日期:2013-03-26 11:03


Sixty years ago, Francis Crick and James Watson announced their discovery of the structure of DNA. The academics themselves were an international pair: one was American, the other British. Back then, both needed to be in Cambridge to work together. Things had changed little in the 250 years since Isaac Newton and Gottfried Leibniz argued about calculus. Today, however, duos such as Crick and Watson can work in different countries because technology has slashed the cost of collaborating among research leaders.
60年前,弗朗西斯·克里克(Francis Crick)和詹姆斯·沃森(James Watson)宣布,他们发现了脱氧核糖核酸(DNA)的结构。这两位学者是一对国际合作伙伴:一个是英国人,另一个是美国人。当时,这种合作是建立在两人都身在剑桥大学(Cambridge University)的基础上。自艾萨克·牛顿(Isaac Newton)和戈特弗里德·莱布尼茨(Gottfried Leibniz)讨论微积分以来的250年里,这种情况基本上没有什么变化。但如今,像克里克和沃森这样的合作伙伴可身在不同的国家工作,因为科技的发展大大降低了研究带头人之间的合作成本。
The UK, and Cambridge university, provide evidence of this change. Since 1981, the number of journal articles produced by UK researchers has risen 150 per cent, to about 100,000 articles a year. But when you look at domestic papers, where all of the authors were in Britain, output is almost flat. According to the Thomson Reuters Web of Science database of 12,000 journals, since 2010 the majority of journal articles with a British-based author has had at least one co-author from another country.
英国和剑桥大学为这种改变提供了证据。1981年以来,英国研究人员发表的期刊论文数量增长了150%,达到每年10万篇左右。不过,如果你考察的是英国本土论文(即论文的作者全都住在英国),那么发表数量几乎没有变化。根据收录有1.2万份期刊的汤森路透科学网(Thomson Reuters Web of Science)数据库,自2010年以来,英国作者发表的期刊论文绝大多数都至少有一位来自其他国家的共同作者。
This is not a solely UK phenomenon. Research shows the same trend in the US, Germany, France, the Netherlands and Switzerland. Academics may reside in one country, but they belong to a community that has no boundaries. Their output is international. This has particularly affected cutting-edge research teams. We can measure the importance of research by counting how many times articles are subsequently cited by other researchers. The average citation impact of UK research is well above the world average. However, an article produced by a mixture of UK-based and foreign researchers can expect to be cited more than half as many times again compared with a wholly UK research team.
A network of elite institutions is emerging beyond national boundaries that is almost independent of their hinterlands. Cambridge’s top international partners are all leaders themselves: the Max Planck Institute, Harvard, Massachusetts Institute of Technology, Caltech, Berkeley, Toronto, Heidelberg and Tokyo.
一个由精英研究机构组成的网络正在超越国界的限制,它几乎独立于这些机构的所在国存在。剑桥的顶级国际合作伙伴们自身也都是一流研究机构:马克斯·普朗克研究所(Max Planck Institute)、哈佛大学(Harvard)、麻省理工学院(MIT)、加州理工学院(Caltech)、加州大学伯克利分校(Berkeley)、多伦多大学(University of Toronto)、海德堡大学(Heidelberg)和东京大学(The University of Tokyo)。
Indeed, more than half of Cambridge’s research is joint with global partners. Its output is already high-impact, but it gets a citation boost from collaborative work. In the UK, the disparity in impact between domestic and international research is growing. Universities with few international partners are behind.
Outside Europe and North America, however, the pattern is different. Since 1981, domestic research has at least trebled among the Bric nations. Growth was astronomic in China, where research by teams there has grown tenfold since 1997 and is now 30 per cent greater than the UK’s output. “Homegrown” research is also expanding rapidly in emerging research powers such as Brazil, India, South Korea and eastern Europe.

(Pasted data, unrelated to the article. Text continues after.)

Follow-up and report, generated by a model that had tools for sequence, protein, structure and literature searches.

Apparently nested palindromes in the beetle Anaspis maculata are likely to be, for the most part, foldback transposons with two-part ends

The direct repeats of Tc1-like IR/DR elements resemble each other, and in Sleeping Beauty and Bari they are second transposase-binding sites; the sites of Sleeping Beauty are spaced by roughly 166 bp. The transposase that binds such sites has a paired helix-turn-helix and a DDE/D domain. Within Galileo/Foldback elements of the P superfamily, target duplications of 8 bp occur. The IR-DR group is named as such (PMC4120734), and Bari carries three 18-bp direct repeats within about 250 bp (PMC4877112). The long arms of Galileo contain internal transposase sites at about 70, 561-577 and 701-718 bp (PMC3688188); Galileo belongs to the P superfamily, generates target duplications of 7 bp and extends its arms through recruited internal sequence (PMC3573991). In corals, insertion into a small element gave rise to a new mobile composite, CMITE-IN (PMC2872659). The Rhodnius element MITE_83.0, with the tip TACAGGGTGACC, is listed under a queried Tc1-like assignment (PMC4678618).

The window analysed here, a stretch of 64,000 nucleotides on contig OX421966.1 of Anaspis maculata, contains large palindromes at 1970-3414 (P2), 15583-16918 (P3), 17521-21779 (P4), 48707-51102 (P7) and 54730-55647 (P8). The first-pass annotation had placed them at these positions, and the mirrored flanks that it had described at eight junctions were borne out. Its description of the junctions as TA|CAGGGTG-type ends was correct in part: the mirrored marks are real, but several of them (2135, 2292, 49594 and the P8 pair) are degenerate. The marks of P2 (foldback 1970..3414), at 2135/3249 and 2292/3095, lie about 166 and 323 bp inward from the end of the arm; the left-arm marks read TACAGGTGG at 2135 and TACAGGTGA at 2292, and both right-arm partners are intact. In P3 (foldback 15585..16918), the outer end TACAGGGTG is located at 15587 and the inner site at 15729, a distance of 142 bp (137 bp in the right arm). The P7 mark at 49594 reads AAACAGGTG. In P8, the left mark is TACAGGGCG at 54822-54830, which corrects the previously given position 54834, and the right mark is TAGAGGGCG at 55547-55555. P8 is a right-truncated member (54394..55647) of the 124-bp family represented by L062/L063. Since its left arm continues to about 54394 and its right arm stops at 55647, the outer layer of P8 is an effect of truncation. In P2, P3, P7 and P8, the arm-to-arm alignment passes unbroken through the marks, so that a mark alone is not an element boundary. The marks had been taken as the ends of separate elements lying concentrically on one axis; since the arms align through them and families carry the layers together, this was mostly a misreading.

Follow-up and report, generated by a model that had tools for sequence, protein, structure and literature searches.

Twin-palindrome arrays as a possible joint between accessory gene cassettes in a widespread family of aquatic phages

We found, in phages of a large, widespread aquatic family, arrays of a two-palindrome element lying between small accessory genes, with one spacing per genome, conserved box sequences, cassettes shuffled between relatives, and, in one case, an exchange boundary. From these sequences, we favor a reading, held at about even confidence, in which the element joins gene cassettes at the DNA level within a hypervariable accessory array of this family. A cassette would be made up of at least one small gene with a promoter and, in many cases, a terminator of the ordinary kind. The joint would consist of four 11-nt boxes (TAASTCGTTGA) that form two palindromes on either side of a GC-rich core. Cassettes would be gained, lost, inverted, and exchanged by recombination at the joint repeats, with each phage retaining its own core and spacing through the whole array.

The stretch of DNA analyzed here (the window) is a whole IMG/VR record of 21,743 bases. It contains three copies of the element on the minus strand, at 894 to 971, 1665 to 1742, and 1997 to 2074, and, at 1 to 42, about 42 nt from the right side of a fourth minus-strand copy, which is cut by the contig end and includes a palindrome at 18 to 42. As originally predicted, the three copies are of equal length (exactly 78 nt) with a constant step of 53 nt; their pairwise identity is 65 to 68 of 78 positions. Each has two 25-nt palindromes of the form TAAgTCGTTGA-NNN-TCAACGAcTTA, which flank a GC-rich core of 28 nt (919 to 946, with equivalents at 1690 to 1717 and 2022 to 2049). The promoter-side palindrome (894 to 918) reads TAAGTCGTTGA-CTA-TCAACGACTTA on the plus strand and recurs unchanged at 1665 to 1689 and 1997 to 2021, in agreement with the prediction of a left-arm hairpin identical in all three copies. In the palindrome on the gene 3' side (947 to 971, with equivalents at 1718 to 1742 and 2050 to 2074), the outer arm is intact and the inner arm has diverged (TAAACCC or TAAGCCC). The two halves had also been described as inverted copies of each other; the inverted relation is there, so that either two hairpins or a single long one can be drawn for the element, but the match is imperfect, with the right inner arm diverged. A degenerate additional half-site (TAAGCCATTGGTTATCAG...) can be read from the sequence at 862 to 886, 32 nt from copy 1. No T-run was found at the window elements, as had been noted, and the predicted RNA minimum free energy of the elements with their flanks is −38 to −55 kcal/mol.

This transformation is creating a massive global research industry that is causing some big problems for national science policy makers in advanced economies. First, reading the published output of academics from these more closed academic communities will not give our researchers access to their culture, priority setting and problem solving. So the research superpowers must start expanding partnerships between their own institutions and leading ones in the emerging research nations. Stop worrying about brain drains: the west needs to start sending scientists to work in these countries.
Furthermore, it will be tougher for governments in the west to capture future returns on investment in research. Future innovation and developments are increasingly likely to have owners in several countries. It will not be possible to generate, corral and contain the innovative knowledge within one country, so governments need to be training and retaining the people who know how to use these discoveries.
The primary reason for investing in the research base is to support great research. What they produce pays off in unpredictable ways, often with huge social and economic benefits. In the short term, a research base that spawned both Newton and Crick produces people who can drive innovation in business. But the challenge of weaving research into economic success is no longer just about getting the best brains into labs in your own country.
The writer is director of research at Thomson Reuters IP and Science
本文作者是汤森路透知识产权与科技(Thomson Reuters IP and Science)研究主管

  • directorn. 董事,经理,主管,指导者,导演
  • unpredictableadj. 不可预知的
  • corraln. 畜栏 vt. 赶入,围住,聚集
  • capturevt. 捕获,俘获,夺取,占领,迷住,(用照片等)留存
  • challengen. 挑战 v. 向 ... 挑战
  • domesticadj. 国内的,家庭的,驯养的 n. 家仆,佣人
  • instituten. 学会,学院,协会 vt. 创立,开始,制定
  • containvt. 包含,容纳,克制,抑制 vi. 自制
  • collaborativeadj. 合作的,协作的
  • announced宣布的